Compiled By Russell Miller
From The CHELAN LEADER Newspaper
7 June 1907
CLASS OF FOUR GRADUATE
The First to Complete Work in the High School
PROF. DAGGY DELIVERS LECTURE
Is Just as Entertaining and Forceful As Ever and the Large Audience is Highly Pleased.
An audience which nearly filled Chelan’s spacious Auditorium was present last Friday evening to witness the commencement exercises of the Chelan high school, and to hear Professor Maynard L.Daggy in his lecture on "Twentieth Century Education."
The class of four young men and women was the first to complete the course of study in the Chelan high school since its organization, and unusual interest attaches to this event on that account.
The exercises began soon after 8 o’clock. On the stage, the front of which was elaborately decorated with palms and ferns and other beautiful house plants, were seated the members of the graduating class, Professor Daggy, the speaker of the evening, the teachers in the public schools, members of the board of education and others who took part in the program.
Professor Daggy’s lecture was the leading feature of the program. Mr. Daggy had spoken before Chelan audiences on two former occasions and had gained a high place in the regard of our people. His third appearance only strengthened the good opinion Chelan people have of him; they expected something good and they were not disappointed. This lecture on "Twentieth Century Education" is rich in nutritious meaty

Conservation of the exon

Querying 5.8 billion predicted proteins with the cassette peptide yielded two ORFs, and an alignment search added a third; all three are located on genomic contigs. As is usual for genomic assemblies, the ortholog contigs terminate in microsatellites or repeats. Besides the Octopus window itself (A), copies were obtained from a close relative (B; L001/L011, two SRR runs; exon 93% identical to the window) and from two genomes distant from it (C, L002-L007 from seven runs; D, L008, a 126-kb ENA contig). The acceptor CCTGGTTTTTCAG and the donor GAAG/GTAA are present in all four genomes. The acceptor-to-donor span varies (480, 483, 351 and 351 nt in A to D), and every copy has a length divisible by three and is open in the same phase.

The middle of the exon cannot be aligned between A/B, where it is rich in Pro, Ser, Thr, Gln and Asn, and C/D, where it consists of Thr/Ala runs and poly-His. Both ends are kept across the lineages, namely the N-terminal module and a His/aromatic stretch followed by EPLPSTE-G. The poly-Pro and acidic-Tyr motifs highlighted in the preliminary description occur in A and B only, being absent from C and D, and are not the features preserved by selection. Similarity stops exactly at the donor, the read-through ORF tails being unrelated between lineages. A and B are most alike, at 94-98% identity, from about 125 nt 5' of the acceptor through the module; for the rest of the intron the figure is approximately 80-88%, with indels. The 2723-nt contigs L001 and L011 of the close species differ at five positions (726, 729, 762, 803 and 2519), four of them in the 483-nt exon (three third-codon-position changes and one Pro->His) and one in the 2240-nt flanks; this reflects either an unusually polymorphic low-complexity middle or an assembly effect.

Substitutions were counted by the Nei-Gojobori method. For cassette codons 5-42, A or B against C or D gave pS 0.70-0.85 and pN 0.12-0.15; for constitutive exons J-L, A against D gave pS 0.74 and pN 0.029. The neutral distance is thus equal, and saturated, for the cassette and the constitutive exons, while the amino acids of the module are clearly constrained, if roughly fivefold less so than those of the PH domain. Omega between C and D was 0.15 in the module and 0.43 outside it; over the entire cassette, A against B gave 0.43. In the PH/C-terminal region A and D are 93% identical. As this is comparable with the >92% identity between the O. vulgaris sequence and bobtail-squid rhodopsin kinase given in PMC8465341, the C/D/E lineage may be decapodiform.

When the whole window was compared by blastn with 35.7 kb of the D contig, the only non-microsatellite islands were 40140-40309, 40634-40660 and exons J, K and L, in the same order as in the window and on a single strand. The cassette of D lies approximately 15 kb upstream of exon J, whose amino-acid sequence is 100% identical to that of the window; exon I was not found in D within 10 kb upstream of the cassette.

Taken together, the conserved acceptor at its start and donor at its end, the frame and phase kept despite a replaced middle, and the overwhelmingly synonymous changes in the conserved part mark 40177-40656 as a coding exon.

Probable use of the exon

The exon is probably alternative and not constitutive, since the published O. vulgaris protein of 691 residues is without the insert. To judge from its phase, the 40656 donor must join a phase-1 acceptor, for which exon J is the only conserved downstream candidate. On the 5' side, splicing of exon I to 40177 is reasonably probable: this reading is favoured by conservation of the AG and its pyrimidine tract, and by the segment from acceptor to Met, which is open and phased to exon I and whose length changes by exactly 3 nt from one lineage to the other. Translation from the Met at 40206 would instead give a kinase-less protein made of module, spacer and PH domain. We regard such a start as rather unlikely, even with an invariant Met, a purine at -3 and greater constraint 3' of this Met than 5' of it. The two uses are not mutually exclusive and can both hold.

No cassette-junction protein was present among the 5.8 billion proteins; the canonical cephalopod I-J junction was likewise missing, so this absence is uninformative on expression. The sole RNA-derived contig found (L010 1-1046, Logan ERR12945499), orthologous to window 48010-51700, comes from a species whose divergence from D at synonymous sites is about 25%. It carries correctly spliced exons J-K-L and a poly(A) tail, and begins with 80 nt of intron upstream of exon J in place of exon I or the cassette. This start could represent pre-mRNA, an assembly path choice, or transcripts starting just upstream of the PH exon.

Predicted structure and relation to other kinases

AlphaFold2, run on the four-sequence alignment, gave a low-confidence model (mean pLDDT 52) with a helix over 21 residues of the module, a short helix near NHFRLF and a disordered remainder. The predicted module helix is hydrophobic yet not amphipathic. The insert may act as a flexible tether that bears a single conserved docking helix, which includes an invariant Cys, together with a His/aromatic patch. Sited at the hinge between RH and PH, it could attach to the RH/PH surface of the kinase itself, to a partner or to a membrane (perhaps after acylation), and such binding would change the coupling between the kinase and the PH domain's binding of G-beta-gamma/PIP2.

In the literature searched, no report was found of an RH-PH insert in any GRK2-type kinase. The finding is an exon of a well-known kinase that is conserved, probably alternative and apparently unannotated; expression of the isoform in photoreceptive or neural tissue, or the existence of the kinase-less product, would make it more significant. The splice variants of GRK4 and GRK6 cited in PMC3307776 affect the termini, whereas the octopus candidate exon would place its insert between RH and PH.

morsels; the parent, the teacher, the student, the school director, the business man, too, and every one else is given something worth while to think about, and the Professor’s happy knack of rendering every good thing easily digestible by means of a bit of bright witticism or a good, jolly story is in evidence everywhere from introduction to peroration.
Mr. J. A. Van Slyke, president of the school board, distributed diplomas to the graduates with a pleasing little presentation speech appropriate to the occasion.
The musical numbers on the program were supplied by members of the high school. Miss Rae Huston sang "A Japenese (sic) Love Song" and Mrs. Mabel McPherron sang "Rest Thee Well, Sweet Angel." Each of these young ladies has musical talent and a voice of rare quality, which, with proper cultivation, would bring her fame as a soloist outside the environs of her home community. A double quartet consisting of Misses Huston, Ayers, Jacobs and Roland and Messes Holden, Van Slyke, Campbell and McPherron, closed the program with the fine composition for four voices, "Anchored."
The graduates are: Blanche Ayers and Ida Jacobs, and Arthur Campbell and Howard Van Slyke. They are all of the oldest and best families in the Chelan valley settlement, and each one in moral worth and mental attainments, represents the best traditions of his or her family and the community. Each one has particularly individual talents and the disposition to make the most of them in life. The Leader predicts a happy and successful future for these deserving young people, and joins with their many friends in wishing them all the best that life affords.